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Hydrogen to Steam

  1. Dec 25, 2008 #1
    When hydrogen and oxygen burn they form steam, or H2O. I was thinking of quick and easy way to make steam would be by burning H2 gas and "air" in a simple rocket engine type burner at the pressure I needed the steam. Disregarding that the resulting flame is about at the top of the list for heat liberated from combustion, this wouldn't be a disadvantage. So let's ignore the burner/boiler meltdown aspect.
    Chemistry is not my strong point, so as I started looking into the idea I was immediately confronted with the fact that even at very low pressures, (say 3 atmospheres) H2 and O2 gases can be extremely explosive. Not just burning, but can suddenly detonate at "extremely high velocities". Often at 6000 fps + range. This aspect wouldn't be good on the burner/boiler.
    However it suddenly occured to me that the Space Shuttle main engines run on liquid H2 and O2, a much more concentrated form, and do not detonate even when injected into the engines at several hundred PSI, and are burned.
    My question is simple, why? Obviously I'm overlooking something, probably basic, and would appreciate anyone's help in understanding what that is.

  2. jcsd
  3. Dec 26, 2008 #2


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    FYI - http://www.netl.doe.gov/technologies/coalpower/turbines/refshelf/GE Hydrogen-Fueled Turbines.pdf

    As to the question on LH2/LOX:

    Ref: http://www.dnfsb.gov/pub_docs/rfets/sir_19941201_rf.txt

    With respect to the Shuttle Main Engines (SSME), please refer to:
    http://www.pw.utc.com/vgn-ext-templ...toid=ef4f34890cb06110VgnVCM1000004601000aRCRD (Click on tab Characteristics)
    Chamber Pressure: 2,994 psia

    The 143 deflagration pressure is approximately 10 atm, but only 5% of the SSME chamber pressure.
  4. Dec 26, 2008 #3
    I thank you for the very informative reply, to say the least. As the old saying goes, "Ask an you shall receive!" All the information and references you provided will keep me busy for some time. Very good material, right along with what I needed. Again my thanks for the trouble.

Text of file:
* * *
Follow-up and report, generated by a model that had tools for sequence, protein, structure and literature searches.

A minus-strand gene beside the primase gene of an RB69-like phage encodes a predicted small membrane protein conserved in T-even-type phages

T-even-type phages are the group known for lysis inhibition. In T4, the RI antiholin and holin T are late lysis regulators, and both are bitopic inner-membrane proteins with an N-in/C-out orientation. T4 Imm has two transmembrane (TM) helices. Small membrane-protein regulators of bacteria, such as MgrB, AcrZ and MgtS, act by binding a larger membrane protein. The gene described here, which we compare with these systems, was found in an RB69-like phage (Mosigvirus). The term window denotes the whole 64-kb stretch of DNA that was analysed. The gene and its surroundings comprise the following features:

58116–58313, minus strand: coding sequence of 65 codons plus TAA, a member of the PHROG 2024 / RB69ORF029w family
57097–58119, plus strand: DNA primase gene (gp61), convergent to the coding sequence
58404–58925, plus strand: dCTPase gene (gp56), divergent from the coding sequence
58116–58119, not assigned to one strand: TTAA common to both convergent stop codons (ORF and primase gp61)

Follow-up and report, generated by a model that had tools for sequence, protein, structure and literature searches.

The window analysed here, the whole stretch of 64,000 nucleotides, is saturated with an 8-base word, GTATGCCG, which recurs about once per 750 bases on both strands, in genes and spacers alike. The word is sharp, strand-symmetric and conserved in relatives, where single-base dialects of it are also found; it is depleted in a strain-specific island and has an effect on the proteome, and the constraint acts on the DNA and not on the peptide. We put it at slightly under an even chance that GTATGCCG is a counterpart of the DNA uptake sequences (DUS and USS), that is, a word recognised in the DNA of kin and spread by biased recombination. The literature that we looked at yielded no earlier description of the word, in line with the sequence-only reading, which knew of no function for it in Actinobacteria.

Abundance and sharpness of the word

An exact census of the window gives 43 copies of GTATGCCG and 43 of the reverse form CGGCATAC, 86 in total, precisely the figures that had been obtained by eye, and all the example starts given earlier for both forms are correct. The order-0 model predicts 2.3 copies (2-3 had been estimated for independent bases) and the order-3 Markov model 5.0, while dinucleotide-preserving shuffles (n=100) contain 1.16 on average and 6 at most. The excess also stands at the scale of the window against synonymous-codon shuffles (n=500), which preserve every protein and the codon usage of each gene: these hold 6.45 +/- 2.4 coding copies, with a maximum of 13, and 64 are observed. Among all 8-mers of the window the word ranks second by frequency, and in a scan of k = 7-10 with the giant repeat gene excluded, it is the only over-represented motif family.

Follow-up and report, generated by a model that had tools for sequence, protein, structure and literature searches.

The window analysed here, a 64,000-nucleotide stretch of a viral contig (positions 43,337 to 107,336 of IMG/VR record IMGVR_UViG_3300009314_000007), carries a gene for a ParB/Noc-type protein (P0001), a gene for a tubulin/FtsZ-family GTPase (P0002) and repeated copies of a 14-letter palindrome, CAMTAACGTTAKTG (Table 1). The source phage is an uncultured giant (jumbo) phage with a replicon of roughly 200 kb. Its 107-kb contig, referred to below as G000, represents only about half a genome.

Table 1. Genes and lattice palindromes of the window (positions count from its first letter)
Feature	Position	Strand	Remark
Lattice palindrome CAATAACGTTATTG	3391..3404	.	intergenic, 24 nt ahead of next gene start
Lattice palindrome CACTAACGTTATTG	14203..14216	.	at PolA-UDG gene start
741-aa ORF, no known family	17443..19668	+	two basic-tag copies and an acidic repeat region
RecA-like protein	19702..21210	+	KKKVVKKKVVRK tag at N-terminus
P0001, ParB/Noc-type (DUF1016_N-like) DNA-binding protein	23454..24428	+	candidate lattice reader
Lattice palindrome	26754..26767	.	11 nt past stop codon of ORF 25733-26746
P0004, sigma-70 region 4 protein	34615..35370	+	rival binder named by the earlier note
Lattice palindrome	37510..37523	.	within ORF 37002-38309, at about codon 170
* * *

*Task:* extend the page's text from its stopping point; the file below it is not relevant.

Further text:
5. Dec 26, 2008 #4


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    Staff: Mentor

    BTW, note the fact that SSME runs with a rich (in hydrogen) mixture, i.e. the hydrogen content is greater than stoichioetric mix for pure combustion. The excess hydrogen absorbs the energy and increases the specific impulse, which is a measure of propulsive efficiency.
  6. Dec 26, 2008 #5


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    Hi boab. Thought I'd chime in just to help the understanding along...

    Detonation has a specific meaning. This Wikipedia definition is pretty solid IMO:
    Ref: http://en.wikipedia.org/wiki/Detonation

    There is a difference between what's called ‘steady burning’ (such as is found inside the Space Shuttle’s main engine) and ‘unsteady burning’. Steady burning is characterized by a (relatively) slow flame front propogation. When gasoline is burned with air inside an internal combustion (IC) engine for example, even though that burning is extremely rapid, the actual flame front moves relatively slowly in comparison to the sonic velocity, so the air/fuel mixture inside an IC engine does not "detonate", it actually burns at a relatively slow (compared with sonic) velocity. If you put a high speed camera inside the cylinder of an IC engine for example, you'd see this boundary between the burnt gasses and unburnt fuel/air mixture, and that boundary would propogate outward from the source of ignition (spark plug).

    Detonation or deflagration on the other hand, is a type of unsteady burning wherein the flame front travels at supersonic velocity through a mixture of flammable gasses. Detonation or unsteady burning can be eliminated by not providing a flammable mixture to propogate through, which is essentially what is done inside the Shuttle engine. In that case, hydrogen and oxygen are separate prior to their mixing in the flame front. By eliminating the flammable mixture, the flame front can not propogate and there can be no detonation. Ahead of the flame front, there is no ignitable mixture. Behind the flame front is only spent product (water and excess hydrogen as Astronuc points out).

    Try this paper. Look especially at the bottom of the third page where it talks about steady and unsteady hydrogen combustion:
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